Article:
Thank God For Science was such a departure for us.
As Chris Macedo told me, “It’s the LEAST life application and yet the MOST impactful series we’ve ever had.”
I tend to agree.
Yet all good things, as they say, come to an end, and so did this series. Here’s the wrap up, riffing off Al Michaels with “Do You Believe In Miracles?” A message that lands at this bottom line having less to do with HOW and more to do with WHY:
God will do whatever it takes to show he’s all that you need.
It’s the most iconic call in TV Sports History. At the 1980 Winter Olympics in Lake Placid NY, the US hockey team – a collection of collegians, amateurs, and castoffs – was playing the USSR professional team. It was a classic case of David v. Goliath as the Soviets had won the last game between the two 11-0 (!). And due to certain geo-political realities patriotic fervor was rampant. Even people who didn’t care a thing for hockey (like, um, everyone) cared about this game. Anyway, against all odds, as a good chunk of you know, the US team found itself up 4-3 as the clock wound down. In those waning moments, Al Michaels – in a move that MADE HIS CAREER – called out, “Do you believe in miracles?!” And we wait. And wait. And wait. And for most of us the answer to that epic question is a resounding Maybe!.
Because we’ve been thanking God for science this month here at GS. We’ve seen that physics and faith are in fact not enemies but friends. Yet no exploration of the subject is complete without asking the question do you believe in miracles? Do you believe the laws of nature are ever suspended or broken for some larger, grander purpose? Because let’s face it: the science for which we are thanking God has certain ironclad laws. Nature has its rules and it does seem that they are meant to be broken. Laws like …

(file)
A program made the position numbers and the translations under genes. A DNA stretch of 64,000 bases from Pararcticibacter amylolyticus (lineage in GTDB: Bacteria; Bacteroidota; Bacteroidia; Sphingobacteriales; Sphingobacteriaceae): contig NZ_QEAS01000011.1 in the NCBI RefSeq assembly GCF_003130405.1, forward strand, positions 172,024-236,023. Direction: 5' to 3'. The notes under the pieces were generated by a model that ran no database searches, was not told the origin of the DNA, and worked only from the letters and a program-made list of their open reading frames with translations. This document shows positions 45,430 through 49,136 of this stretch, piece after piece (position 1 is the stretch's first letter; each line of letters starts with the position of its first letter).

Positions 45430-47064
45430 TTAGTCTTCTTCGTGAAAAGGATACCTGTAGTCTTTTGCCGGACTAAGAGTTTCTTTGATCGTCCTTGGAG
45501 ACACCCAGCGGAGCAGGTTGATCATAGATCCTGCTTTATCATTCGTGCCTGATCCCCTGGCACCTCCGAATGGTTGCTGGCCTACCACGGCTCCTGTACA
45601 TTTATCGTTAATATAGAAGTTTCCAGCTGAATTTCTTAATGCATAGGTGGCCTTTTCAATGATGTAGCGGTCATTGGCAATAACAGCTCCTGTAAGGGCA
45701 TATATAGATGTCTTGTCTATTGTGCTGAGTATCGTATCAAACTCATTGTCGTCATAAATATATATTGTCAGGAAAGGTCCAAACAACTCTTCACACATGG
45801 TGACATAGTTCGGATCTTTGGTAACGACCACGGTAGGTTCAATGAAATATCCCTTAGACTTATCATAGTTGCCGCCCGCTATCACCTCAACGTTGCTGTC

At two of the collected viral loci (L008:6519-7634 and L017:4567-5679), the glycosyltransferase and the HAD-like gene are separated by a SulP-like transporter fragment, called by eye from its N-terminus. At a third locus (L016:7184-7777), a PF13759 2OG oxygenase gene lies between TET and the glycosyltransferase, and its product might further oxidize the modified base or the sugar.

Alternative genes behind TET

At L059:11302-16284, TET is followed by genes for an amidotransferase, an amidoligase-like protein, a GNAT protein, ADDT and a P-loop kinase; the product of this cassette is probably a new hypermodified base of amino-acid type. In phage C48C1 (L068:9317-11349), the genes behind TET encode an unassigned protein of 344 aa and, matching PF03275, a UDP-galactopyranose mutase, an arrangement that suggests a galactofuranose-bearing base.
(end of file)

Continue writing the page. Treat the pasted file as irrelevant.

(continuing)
Gravity works. Every time.
Water is not a weight bearing substance. Ever.
Planets have orbits. The Patriots always win.
Illnesses need medicine and injuries need surgery.
The universe has been expanding, unimpeded, ever since the Big Bang started things off. The Kardashians are always annoying.
Virgins don’t have babies.
Dead people stay dead.
These laws, these rules, from all appearances and evidences, are fixed, stationary, and immovable.
Which puts believers in Xnty in a challenging place. Because the Xns faith is NOT a philosophy. It’s not a value system for your behavior. It is instead a faith based on history, and specifically a kind of history where a virgin conceives a child who grows up to have water bear his weight, illnesses flee at his touch, and when he dies he doesn’t stay dead. Faith hinges or falls on that intervention, especially the one where dead Jesus didn’t stay dead.
And then, and then, even if you get to the place where you accept THOSE bible miracles, you’re faced with yet another dilemma: why don’t we see stuff like that anymore? Especially the NON-Jesus miracles like parting a Red Sea or a burning bush or calling water from a rock. I mean, we have an occasional healing or something unexpected or even a hockey game that becomes a cultural touchstone, we don’t see that big stuff anymore. It’s a bit like the kid who hadn’t grown up in church who went one day and came home after & said to his parents, “The pastor told about the Egyptians chasing the Jews to the Red Sea. Real fast, the Jews built a bridge and got over the water just before the Egyptians showed up. When Pharoah’s army tried to cross, the Jews blew it up and all the Egyptians drowned. The dad questioned his son: “Did the pastor actually tell you that?” Answer: “Not exactly, but the way he told it you’d never believe it.” Nope, no you wouldn’t.
And that’s why some of you have never really considered Xnty. The bible seemed more like a book of legends & fables with a healthy dose of guilt thrown in. And you said, for better and for worse, “No thanks.”